Dog Chance
Offering Thailand's Street dogs a Second Chance
Through Immunzation, Neutering and Adoption Program

Life is tough for the street dogs of Thailand. It is hard for anyone who hasn't visited Thailand to understand the full scale of the stray dog problem .It is not just that hundreds of thousands of dogs are living on the streets [Bangkok alone has a conservative estimate of 150,000 strays] but it is the condition in which they are forced to live. Frightened, riddled with parasites , hairless with mange, most are hungry, many are starving, and hundreds live with fractured bones or are paralyzed because of car accidents. It is a national tragedy, and adding to Thailand's disgrace is the fact there are no humane shelters, no effective SPCA-type organizations as yet where animals can be taken or abuse reported, no well-run Government adoption facilities, no animal rights, no sensible laws governing pet ownership and certainly no animal law enforcement, no educational programmed or Government campaigns, and sadly euthanasia is practiced only rarely due to religious beliefs.

Shamefully, Thailand numbers among those countries labeled internationally as 'cruel to animals'. This label may have stuck due to Thailand's lack of action, funding and know how in tackling animal issues rather than by active abuse, but it is nevertheless harmful to the country's image. Gratefully though,in2001 Thailand's dog-lovers received a large bone from Bangkok's new Governor, Mr.Samak Suntornavej: there were to be no more mass exterminations [Cruelly administered by strychnine poisoning].Instead mass neutering was proposed with an initial target of 100,000 sterilizations per year in Bangkok alone. The policy is well meaning, but in program is rather barbaric. Meeting targets is often the drive behind the daily sterilizations at the Bangkok Metropolitan's Din Daeng Dog Pound, not the welfare and well-being of the dogs.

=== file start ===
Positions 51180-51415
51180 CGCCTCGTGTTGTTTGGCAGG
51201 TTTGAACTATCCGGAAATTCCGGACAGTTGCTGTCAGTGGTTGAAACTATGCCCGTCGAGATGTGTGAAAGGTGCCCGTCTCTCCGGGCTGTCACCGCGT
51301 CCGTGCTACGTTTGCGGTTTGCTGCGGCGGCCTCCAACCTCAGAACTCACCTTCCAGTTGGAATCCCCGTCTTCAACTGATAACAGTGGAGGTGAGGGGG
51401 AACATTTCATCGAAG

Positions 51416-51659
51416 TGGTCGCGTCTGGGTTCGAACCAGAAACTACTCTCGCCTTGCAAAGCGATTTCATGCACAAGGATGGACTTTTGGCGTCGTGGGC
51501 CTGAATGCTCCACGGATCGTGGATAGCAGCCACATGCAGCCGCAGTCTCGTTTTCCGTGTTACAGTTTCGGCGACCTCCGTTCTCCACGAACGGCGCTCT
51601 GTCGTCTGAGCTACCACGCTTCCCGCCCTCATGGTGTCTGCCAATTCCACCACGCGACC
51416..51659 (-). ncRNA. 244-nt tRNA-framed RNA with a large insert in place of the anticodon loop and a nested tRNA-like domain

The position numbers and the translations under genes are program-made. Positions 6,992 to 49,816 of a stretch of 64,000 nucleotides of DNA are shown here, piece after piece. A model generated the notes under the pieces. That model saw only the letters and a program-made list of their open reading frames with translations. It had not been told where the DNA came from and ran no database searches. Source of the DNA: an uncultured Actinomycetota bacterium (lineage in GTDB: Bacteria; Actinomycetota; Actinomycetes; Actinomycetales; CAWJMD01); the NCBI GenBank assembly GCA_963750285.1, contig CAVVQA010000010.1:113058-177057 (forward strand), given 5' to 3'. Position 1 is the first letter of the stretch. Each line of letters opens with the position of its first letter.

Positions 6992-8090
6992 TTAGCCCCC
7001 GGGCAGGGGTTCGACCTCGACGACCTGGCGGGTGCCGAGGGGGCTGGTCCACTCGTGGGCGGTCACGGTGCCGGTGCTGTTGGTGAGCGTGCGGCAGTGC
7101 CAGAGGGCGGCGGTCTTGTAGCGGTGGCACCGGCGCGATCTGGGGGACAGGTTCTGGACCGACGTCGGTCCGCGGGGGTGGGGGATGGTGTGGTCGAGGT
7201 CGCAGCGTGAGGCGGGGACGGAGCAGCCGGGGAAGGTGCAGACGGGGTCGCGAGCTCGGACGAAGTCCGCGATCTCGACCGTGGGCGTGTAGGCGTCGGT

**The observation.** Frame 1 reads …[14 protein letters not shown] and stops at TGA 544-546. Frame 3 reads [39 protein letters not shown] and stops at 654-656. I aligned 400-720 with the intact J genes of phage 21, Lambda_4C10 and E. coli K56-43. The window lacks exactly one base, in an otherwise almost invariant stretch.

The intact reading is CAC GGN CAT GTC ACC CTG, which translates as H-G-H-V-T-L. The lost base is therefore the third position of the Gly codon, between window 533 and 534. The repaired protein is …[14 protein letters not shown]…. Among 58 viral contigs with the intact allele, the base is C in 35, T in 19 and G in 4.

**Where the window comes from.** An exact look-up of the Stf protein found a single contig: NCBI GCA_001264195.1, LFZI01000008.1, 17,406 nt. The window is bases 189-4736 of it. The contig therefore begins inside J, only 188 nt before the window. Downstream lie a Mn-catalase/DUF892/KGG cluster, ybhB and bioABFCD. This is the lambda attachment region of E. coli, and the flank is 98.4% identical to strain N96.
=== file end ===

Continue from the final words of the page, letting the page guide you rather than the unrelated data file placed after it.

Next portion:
No funding is available for medicines to aid recovery, no treatment given for illnesses, no isolation facilities for dogs obviously suffering from contagious diseases [distemper, parvo virus, mange] and no vaccinations other than for rabies. The dogs are piled onto wheelbarrows, dumped in holding pens, and left to lie in their own urine, blood and faeces. Many trample over other sedated dogs as they stumble back into consciousness. Not surprisingly, many wounds get infected. Some dogs die. The programme will have to be radically altered before any civilized society can accept it as an effective and humane solution to Thailand's street dogs problem.

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